New Zealand v India, 2nd ODI, Hamilton January 23, 2014

India bowlers need to curb mistakes under pressure

In the last two ODIs, India's bowlers have shown a tendency to concede ground in a short burst. While New Zealand's bowlers have extracted help from the pitches, India have struggled and their only hope of saving the series is to avoid mistakes

Worked a lot on bowling yorkers - Bhuvneshwar

India have already lost the No 1 ODI ranking following two defeats in Napier and Hamilton. One more defeat in Auckland will see them lose the series as well. The games at Napier and Hamilton must have felt almost like playing at home, seeing the bowlers go for so many. However, the batsmen, despite coming close, have been unable to mop up for the bowlers and that has been the crucial difference compared to playing in India.

New Zealand's one-day pitches may have flattened out over the past decade but they are still nowhere close to the roads that Indian bowlers are used to back home. There is little the team can do if the bowlers are slammed for 320 in Rajkot, apart from hoping that the batsmen do not have a rare off day. But New Zealand have shown that there was something in Napier and Hamilton for bowlers who were prepared to and knew how to squeeze out that help from the pitches. Napier had bounce and pace, Hamilton was a touch two-paced.

India, though, went through periods where they conceded too much ground in a short burst. It was not as if they were poor throughout, but their attack has this tendency to suddenly lose it in unison, especially if a batsman starts going berserk. The new fielding restrictions have only exacerbated that tendency. Corey Anderson has gone after them in both games, and although India, by their standards, have done admirably to come back at the death, the damage he inflicted proved too costly.

MS Dhoni knows his bowlers better than anybody else and has maintained right through that only four deep fielders are too little protection for their profligacy. But it has been over a year now since the new rules came in and the attack has to show signs of adapting, for there is no choice. And those signs have to translate into something concrete, especially outside India where everything cannot be blamed on dead pitches. If they don't, in another year, Dhoni will be left with the same woes in the 2015 World Cup.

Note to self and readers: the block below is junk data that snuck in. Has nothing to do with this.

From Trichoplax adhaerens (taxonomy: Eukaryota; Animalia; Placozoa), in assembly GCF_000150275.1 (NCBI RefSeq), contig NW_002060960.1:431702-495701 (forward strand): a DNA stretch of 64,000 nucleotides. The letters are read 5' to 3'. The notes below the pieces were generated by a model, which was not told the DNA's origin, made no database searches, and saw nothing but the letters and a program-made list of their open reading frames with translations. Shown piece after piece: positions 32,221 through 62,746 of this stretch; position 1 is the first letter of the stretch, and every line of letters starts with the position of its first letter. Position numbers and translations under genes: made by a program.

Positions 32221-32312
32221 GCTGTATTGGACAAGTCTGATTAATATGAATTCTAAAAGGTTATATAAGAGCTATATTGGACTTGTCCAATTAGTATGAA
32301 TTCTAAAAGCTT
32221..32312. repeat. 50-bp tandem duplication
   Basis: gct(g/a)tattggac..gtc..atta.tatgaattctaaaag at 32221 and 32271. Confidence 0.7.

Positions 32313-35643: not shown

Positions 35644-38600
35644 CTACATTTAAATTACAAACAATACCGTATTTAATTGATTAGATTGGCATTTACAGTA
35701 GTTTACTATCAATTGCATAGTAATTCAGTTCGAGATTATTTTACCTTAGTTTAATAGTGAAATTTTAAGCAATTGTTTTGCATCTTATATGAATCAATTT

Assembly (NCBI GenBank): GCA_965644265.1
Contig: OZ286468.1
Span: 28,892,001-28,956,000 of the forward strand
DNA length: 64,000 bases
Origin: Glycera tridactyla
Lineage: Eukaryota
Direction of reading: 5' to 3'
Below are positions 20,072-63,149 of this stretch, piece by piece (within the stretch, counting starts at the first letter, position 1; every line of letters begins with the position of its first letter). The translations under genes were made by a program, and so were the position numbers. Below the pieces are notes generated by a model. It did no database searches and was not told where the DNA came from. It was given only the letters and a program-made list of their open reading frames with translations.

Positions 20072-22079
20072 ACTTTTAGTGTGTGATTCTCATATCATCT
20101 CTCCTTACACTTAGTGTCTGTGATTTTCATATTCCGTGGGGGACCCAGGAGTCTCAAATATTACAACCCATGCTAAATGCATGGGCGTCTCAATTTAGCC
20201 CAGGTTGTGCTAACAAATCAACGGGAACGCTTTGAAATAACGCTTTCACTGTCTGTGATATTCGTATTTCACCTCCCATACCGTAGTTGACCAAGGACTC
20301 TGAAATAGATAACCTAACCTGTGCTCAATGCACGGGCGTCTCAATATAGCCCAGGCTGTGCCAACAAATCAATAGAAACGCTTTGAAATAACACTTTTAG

Dhoni does feel that his bowlers have achieved some progress, particularly at the death. "To some extent, yes," Dhoni said after the Hamilton match. "To compare it to what was happening maybe six months back. Our death bowling seems to have improved a lot. What you are seeing close to 300 runs, you may see it as slightly expensive, but if we do not bowl as well as we are bowling in the last few overs, it may go in excess of 340. That puts some serious pressure on the batsmen. We have seen improvement."

The captain thinks a lot more can be done, and pointed out a couple of things which may appear quite basic, but are seemingly beyond the reach of Dhoni's bowlers at the moment.

"There is still scope for improvement. If we cannot give easy boundaries, off something like a wide ball or something on the pads that goes through short fine for a boundary," Dhoni said. "Stuff like that really adds on. Especially the first ball of the over or the sixth ball of the over, if you don't concede boundaries in those two, it really helps. That is one area where we are conceding quite a few runs - the first ball or the last ball of the over. Either we are not starting well or we are not finishing that particular over well."

Of the 61 boundaries India went for in Napier and Hamilton, 20 came off the first and last deliveries of overs. That is not an alarmingly high proportion, but you can see the point Dhoni is trying to make.

His attack may probably not have the skills to extract as much out of New Zealand pitches as the home bowlers have. But if they can at least avoid the above mistakes under pressure, India might yet be able to salvage this series.

Abhishek Purohit is a sub-editor at ESPNcricinfo

Comments have now been closed for this article

  • Harmon on January 24, 2014, 20:48 GMT

    @Shailendra Singh: